I also find it very curious he was ‘tazed’ and beaten and then released. If I use physical force above the level of a ‘soft technique’, I will hold him for further processing, to include the probability of charges of assault or impeding an officer in performance – and so forth. No one gets tazed and then sent on down the road, literally or figuratively. I seriously doubt either Border Patrol or DPS is going to use physical force of the level
    Anderson claims and then just let him go.

    He’s a Christian pastor? I’m an ordained Baptist preacher; this guy is a twit and a rabble rouser. Maybe his church – or business – needs the publicity.

  35. First they came for the seemingly-nutty preachers…

    Regardless of his other views, if his behavior the night he was beaten paralleled his other checkpoint videos, the uniformed government agents were in the wrong.

    (It’s important to get both sides of the story, so I eagerly await the release of video and audio of the incident.)

  36. LawMom –

    I’ve seen the Border Patrol dogs (not Customs, which is a different agency) work first-hand. Whether they’re “retrained” or not, they are good at what they’re asked to do, whether that be detecting narcotics, hidden humans, or tracking humans in the desert.

    I have no idea how Customs dogs are trained, but this situation involved Border Patrol, not Customs.

  37. I tried to read the articles. I attempted to follow the logic of his sermons. But I couldn’t, because all I could think was:

    “I could make a fortune selling black market urinals in Germany”!


  38. Anonymous-
    My point being that Customs dogs are being taken for ‘retraining’ to be used on the borders, presumably by the Border Patrol.
    We had a Customs drug dog for a while. Marvelous creatures, but very focussed; he was always on duty, so to speak.

  39. Lawmom –

    While there may well be former Customs dogs that have been “retrained” in the Border Patrol, I’ve not seen any yet. The Border Patrol has its own breeding program, and to my knowledge, has no need for dogs from Customs.

    In fact, our canines will actually assist Customs, when their dogs aren’t around. We usually have at least one on-duty 24/7. In just the past couple of weeks, the local (minor) port of entry has requested just that sort of assistance multiple times.

  40. Anonymous-
    I have friends who are Customs dog handler/officers, and their dogs ARE being taken for retraining to be used to sniff out illegal aliens. Full Stop.

  41. Lawmom,

    Border Patrol’s dogs are NOT “retrained” in the manner you describe; I’ve talked with them about this very issue.

    Border Patrol and Customs are two different agencies. Customs dogs had absolutely nothing to do with this incident; how Customs trains their dogs and handlers is therefore irrelevant.

    I’m done arguing. You’re obviously not listening, at least not on this issue.



  42. The Rosa Parkses and Dick Hellers of the world are rare. These are the people of good reputation and have carefully planned the encounter for maximum legal effect.

    The rest of the time, we get someone with a spotted reputation, or dull of mind or who makes legal blunders, someone who makes it easy for us to make a sour face and turn away. It’s just a whack job who deserves it. It’s just a racist. It’s just someone who should have known to keep their mouth shut instead of sassing back to the cops.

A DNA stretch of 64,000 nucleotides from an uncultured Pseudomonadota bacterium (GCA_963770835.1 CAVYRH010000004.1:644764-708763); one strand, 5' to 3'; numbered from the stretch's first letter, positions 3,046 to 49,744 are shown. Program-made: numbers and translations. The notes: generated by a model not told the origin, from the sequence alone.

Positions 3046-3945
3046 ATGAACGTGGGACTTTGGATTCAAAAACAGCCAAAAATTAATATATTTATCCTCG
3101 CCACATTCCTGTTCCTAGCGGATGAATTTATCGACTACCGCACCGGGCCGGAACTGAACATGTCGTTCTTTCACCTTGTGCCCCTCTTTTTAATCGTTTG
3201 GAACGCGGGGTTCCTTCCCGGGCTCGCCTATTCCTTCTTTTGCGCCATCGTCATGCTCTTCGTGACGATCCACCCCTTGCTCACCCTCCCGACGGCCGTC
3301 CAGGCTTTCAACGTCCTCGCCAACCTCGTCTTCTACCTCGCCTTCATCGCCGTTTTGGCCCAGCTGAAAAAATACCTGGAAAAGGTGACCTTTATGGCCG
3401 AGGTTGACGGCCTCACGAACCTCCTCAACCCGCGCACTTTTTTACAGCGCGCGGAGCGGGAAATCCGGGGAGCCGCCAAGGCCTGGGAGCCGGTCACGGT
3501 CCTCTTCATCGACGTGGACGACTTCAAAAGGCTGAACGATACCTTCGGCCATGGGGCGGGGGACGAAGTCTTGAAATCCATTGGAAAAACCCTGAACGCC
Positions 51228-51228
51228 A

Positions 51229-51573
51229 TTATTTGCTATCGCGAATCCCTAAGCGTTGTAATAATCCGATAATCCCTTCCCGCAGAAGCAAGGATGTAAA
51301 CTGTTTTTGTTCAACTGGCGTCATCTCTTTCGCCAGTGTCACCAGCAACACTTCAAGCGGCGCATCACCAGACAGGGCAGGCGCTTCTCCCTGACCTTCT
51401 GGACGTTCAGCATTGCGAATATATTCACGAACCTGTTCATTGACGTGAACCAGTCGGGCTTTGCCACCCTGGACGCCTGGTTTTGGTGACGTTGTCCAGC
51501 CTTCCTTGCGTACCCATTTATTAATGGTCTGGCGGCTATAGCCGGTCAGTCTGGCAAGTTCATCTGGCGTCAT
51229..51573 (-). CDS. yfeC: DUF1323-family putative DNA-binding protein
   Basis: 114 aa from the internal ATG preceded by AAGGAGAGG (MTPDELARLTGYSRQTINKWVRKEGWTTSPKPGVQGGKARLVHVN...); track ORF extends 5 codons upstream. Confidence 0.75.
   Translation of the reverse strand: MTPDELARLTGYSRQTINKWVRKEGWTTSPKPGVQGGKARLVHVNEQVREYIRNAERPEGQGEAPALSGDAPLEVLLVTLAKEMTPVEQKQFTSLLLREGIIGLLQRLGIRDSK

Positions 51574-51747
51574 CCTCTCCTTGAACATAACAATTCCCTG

Yeah, it stinks that we usually get some very unlikable people being infringed upon, but the people who ought to be our Hellers and Parks don’t usually play this role. They know the rules and follow them and then grumble on the web later. That’s why you’re going to get people like this doing the dirty work.

    That’s the way it is. Resist the urge to turn away because the victim was unlikable, or idiotic, or bad. Infringement upon the rights of man must never be excused. Never.

  43. Well, thank goodness for that, Anonymous. Obviously you want your way, and I seriously doubt that you have ever talked to anyone with either agency, OR to anyone with Homeland Security. Which, by the way, why don’t you join? You would suit their mentality.

  44. Part of the video has been released:


    The whole part about the dog is NOT there. That could be a deliberate ommission, or this video (edited by Anderson) may be simply focusing on the time period where Anderson was attacked.

    And "attacked" is indeed what it looks like.

    Questions for those with law enforcement experience:

    1) I can understand them breaking the glass and manually opening the door locks and doors.

    2) Was immediate resort to at least one taser necessary, or was it excessive force?

    3) Would two tasers at once (one of his claims) be considered excessive?

    4) Was grinding his head into broken glass necessary, or was it excessive force?

    What this LOOKS like is a bunch of cops going "oh yeah, we got us a chance to play ROUGH!"

  45. I can’t get the YouTube link to work from the news article page.

    However (without having seen it), I will say that, in general, field “Continuum of Force” study group receptive participants from the “Taser” group fared better (shorter pain experience, faster recovery, less injury) than participants from the “baton”, “pepper spray”, or “Glock” group.

    Noncompliance is noncompliance — and Taser is generally a SAFER resort than other weapons, or even (in many cases) a brute force manhandling to overcome resistance.

  46. OK, but…define “resistance”.

    In this case, the guy wasn’t a threat of violence at all – that was just dead obvious. He didn’t want to come out of the car, or put another way, didn’t want to voluntarily consent to a search he believed (with pretty good reason!) wasn’t legal.

    So he was doing *passive* resistance, not active.